At step S501, user information, such as user ID and password, is obtained. The user information may be obtained from input received from the user via UI 301 or from a repository (or other storage) that contains information defaults associated with the user. Server information, such as addressing and connection information, is obtained from UI 301 input or previously stored defaults, for example, is also obtained at step S501. At step S502, electronic mail recipient information (e.g., email address) is obtained for each recipient. At step S503, the electronic mail message is created that contains the output.

At step S504, a connection is made with the server (e.g., mail server 308) using the user login information obtained in step S501 and the server connection information obtained in step S502. At step S506, a determination is made whether the connection attempt was successful. If not, processing continues at step S507 to display an error message (e.g., in UI 301) and processing continues at step S508 to determine whether another connection attempt is to be made. The determination may be based on user input and/or the number of attempts already made, for example. If another connection attempt is to be made, processing continues at step S501 with the same or different user, recipient and/or server information. If no additional connection attempts are to be made, processing ends at S517.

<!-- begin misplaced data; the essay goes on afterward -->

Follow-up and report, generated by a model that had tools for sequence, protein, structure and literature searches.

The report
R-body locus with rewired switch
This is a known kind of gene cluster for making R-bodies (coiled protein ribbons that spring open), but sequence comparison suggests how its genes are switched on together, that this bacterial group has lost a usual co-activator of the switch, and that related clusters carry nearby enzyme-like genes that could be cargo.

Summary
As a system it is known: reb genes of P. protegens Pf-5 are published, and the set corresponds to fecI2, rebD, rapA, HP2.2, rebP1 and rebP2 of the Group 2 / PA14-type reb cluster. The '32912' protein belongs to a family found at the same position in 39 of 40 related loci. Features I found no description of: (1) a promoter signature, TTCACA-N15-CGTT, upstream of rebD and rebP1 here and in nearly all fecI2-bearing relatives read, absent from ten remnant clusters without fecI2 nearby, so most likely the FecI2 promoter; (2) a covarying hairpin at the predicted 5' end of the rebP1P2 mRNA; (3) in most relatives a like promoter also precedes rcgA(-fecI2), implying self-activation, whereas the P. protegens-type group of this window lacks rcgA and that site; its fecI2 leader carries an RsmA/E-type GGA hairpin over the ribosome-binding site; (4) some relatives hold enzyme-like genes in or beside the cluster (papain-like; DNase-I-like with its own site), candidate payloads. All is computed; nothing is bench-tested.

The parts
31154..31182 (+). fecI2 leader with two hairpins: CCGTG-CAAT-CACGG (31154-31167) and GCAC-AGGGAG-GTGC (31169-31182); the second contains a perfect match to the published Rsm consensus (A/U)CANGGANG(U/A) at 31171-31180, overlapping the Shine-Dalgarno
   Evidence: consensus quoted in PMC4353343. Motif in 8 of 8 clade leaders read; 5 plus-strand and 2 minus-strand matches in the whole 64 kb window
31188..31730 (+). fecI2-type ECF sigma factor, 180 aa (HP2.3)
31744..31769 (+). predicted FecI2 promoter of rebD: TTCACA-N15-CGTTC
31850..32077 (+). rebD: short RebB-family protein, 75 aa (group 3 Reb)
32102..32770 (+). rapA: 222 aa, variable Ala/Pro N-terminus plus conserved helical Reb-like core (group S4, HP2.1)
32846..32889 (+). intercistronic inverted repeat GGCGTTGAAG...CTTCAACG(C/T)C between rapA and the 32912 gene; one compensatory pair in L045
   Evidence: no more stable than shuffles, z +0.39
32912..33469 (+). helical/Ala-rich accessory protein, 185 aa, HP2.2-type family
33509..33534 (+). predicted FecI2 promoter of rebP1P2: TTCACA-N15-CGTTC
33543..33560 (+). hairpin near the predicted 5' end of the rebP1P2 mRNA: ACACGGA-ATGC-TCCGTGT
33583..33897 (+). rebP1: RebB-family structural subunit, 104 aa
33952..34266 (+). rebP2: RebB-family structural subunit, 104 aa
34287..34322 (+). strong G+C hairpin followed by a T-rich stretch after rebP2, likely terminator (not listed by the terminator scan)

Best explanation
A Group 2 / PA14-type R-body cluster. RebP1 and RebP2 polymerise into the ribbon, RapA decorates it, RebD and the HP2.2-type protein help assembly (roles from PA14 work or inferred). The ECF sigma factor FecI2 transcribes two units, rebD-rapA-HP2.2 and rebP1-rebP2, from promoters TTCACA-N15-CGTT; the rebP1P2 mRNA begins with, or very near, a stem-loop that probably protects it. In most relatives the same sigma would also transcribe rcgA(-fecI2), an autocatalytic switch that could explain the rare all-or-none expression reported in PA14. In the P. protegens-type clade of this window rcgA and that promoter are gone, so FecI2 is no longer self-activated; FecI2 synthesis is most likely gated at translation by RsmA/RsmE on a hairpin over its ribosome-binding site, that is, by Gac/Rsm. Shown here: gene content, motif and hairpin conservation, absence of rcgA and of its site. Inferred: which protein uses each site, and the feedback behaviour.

If it is determined, at S506, that the connection attempt was successful, processing continues at step S510 to transmit the electronic mail message to mail server 308. At step S512, a determination is made whether the transmission was successfully completed. If not, processing continues at step S513 to determine whether or not another attempt is to be made. Such a determination may be made based on user specification and/or the number of previous attempts, for example. If it is determined that no further attempts are to be made, processing continues at step S514 to display an error message and processing ends at step S517. If another attempt is to be made, processing continues at step S513 to re-transmit the electronic mail message to mail server 308.

If it is determined, at step S512, that the transmission completed successfully, processing continues at step S515 to display a message to the user. At step S516 the connection to mail server 308 is terminated and processing ends at step S517.